Pretoria, 29 April 2022 (TDI): The President of South Africa, Cyril Ramaphosa gave a speech to commemorate Freedom Day, on 27 April. Ramaphosa first addressed the South African population.


The President then remarked that twenty-eight years ago, just before midnight on the 26th of April, the old South African flag went down across the country for the last time. According to Ramaphosa, the flag was a symbol of 66 years of repression, discrimination, and segregation.

Afterward, the flag went up again but now as a democratic country. On 27 April, nearly 20 million South Africans went to cast their vote for the first time. Ramaphosa then mentioned a phrase by Nelson Mandela.

Mandela stated that never, never, and never again shall it be that this beautiful land will again experience the oppression of one by another.  Let freedom reign. The President then remarked that Middelburg; the old cemetery, is one of the darkest reminders of our divisive past.

According to Ramaphosa, even in death; apartheid enforced segregation and used a painful example. This was because English graves were separated from Afrikaans graves. White burial sites were on one side, and blacks, Indians, and coloreds were on the other side.

Mpumalanga was one of the many cities that struggled against centuries of oppression one by another. For example, in 1959 the slave-like conditions of potato farm workers in Bethal spurred the successful countrywide potato boycott. According to Ramaphosa, the South African Congress of Trade Unions led the boycott.

Another example given by the President was that in 1957; a group of 914 women marched on the mayor’s office to protest against passes.


Ramaphosa then stated that the country recount this day to not hold on to the past, but as a reminder that South Africa is a nation that looks forward; and moves forward. The President then announced the progress made by the Governments as the reason why the quality of life of the citizens has been improved.

South African population
South African population

According to Ramaphosa, in democratic South Africa, 81 percent of people live in formal housing. Nine out of 10 South Africans have access to clean water and more than 85 percent have access to electricity.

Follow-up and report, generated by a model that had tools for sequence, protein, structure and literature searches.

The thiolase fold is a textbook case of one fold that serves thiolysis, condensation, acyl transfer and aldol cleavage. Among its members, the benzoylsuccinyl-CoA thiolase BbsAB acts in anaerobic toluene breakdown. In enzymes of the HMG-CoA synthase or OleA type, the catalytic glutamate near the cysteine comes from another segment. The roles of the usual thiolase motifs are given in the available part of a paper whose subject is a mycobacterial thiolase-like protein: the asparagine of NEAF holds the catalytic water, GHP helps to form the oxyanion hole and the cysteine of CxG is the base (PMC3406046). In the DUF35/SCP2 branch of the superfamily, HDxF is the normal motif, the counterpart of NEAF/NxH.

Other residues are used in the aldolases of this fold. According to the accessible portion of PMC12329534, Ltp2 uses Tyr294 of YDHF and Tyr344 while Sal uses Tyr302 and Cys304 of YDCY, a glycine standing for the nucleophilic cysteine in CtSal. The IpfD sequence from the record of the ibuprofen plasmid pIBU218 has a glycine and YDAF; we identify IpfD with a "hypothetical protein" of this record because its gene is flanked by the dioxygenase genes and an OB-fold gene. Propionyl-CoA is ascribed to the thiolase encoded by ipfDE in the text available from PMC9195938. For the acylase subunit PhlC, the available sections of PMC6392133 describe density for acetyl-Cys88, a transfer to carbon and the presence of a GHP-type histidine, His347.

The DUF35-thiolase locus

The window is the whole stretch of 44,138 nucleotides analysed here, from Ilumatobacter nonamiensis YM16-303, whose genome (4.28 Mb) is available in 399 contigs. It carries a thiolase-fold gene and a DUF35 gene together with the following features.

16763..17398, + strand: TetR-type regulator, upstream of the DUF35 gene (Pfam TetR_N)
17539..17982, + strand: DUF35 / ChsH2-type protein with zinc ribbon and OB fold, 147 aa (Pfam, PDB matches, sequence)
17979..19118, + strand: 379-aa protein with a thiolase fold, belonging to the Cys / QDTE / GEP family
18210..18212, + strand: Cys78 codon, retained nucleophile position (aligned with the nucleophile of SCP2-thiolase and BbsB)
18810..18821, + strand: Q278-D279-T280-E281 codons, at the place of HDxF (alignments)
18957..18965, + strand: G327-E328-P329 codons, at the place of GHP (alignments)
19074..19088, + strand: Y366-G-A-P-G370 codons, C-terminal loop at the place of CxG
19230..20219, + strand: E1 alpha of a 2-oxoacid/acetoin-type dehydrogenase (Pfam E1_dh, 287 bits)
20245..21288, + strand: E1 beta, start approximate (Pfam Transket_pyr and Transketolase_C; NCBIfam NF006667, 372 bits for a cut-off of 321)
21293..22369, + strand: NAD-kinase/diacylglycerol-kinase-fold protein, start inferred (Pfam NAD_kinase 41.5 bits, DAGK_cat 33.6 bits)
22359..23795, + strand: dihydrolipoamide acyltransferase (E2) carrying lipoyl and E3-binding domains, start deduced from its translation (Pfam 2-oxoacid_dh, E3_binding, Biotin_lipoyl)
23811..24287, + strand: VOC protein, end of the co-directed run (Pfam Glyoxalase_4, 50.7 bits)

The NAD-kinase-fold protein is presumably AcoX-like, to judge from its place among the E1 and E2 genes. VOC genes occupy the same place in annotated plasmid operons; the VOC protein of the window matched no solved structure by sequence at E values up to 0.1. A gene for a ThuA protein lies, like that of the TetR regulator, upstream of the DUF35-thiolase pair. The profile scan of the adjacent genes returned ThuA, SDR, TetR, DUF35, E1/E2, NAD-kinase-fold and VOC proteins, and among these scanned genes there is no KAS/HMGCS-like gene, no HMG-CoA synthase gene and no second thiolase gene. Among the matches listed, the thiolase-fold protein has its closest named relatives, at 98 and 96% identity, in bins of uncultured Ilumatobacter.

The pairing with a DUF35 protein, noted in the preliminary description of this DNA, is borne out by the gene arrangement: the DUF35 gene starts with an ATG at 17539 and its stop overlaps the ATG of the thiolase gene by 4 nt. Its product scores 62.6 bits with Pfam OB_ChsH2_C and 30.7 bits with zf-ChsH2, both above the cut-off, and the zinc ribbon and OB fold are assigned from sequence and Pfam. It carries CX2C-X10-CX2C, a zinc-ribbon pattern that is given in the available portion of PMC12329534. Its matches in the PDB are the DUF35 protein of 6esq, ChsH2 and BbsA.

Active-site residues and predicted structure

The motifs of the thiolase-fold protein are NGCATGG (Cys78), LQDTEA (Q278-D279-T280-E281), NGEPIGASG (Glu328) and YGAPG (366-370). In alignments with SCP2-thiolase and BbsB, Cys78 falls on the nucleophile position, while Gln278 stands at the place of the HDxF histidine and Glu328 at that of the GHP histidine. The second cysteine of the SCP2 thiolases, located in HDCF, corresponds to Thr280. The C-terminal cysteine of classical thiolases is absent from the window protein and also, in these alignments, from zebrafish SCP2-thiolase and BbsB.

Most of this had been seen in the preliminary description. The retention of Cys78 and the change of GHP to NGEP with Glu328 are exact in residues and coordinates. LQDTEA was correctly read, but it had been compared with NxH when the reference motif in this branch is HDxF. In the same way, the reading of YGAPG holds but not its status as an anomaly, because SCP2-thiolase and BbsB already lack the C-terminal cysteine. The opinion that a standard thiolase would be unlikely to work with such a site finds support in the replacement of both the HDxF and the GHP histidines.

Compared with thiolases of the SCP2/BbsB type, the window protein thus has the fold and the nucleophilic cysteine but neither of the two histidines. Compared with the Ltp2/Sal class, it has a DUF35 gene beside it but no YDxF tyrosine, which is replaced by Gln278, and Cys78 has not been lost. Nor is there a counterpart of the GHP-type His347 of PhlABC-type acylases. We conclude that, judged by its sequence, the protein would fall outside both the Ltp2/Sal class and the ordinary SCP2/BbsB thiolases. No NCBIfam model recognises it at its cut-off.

Access to basic education and health care is no longer the privilege of a few, but available to all. Ninety-six percent of children of school-going age are in school. Two-thirds of these learners attend no-fee schools. Free tertiary education is being provided to young South Africans to study, a dream that was denied their forebears.

Ramaphosa then mentioned that in Mpumalanga, more than 600,000 children from poor households receive a meal at school through the National School Nutrition Program. This program feeds more than nine million learners every school day across our country.

The President then gave the example of Angela Kgothatso from Thembisile Hani District Municipality. According to Ramaphosa, thanks to the opportunities; Angela was able to overcome difficult circumstances to become Mpumalanga’s top-performing matriculant for 2021, achieving 100 percent in mathematics and physical sciences.


The Government also provides support for farmers that have enabled an aspirant farmer like Njabulo Mbokane from Ermelo to fulfill her dream, helping her along her journey from selling fish and chips from a street stand to becoming a successful commercial maize farmer.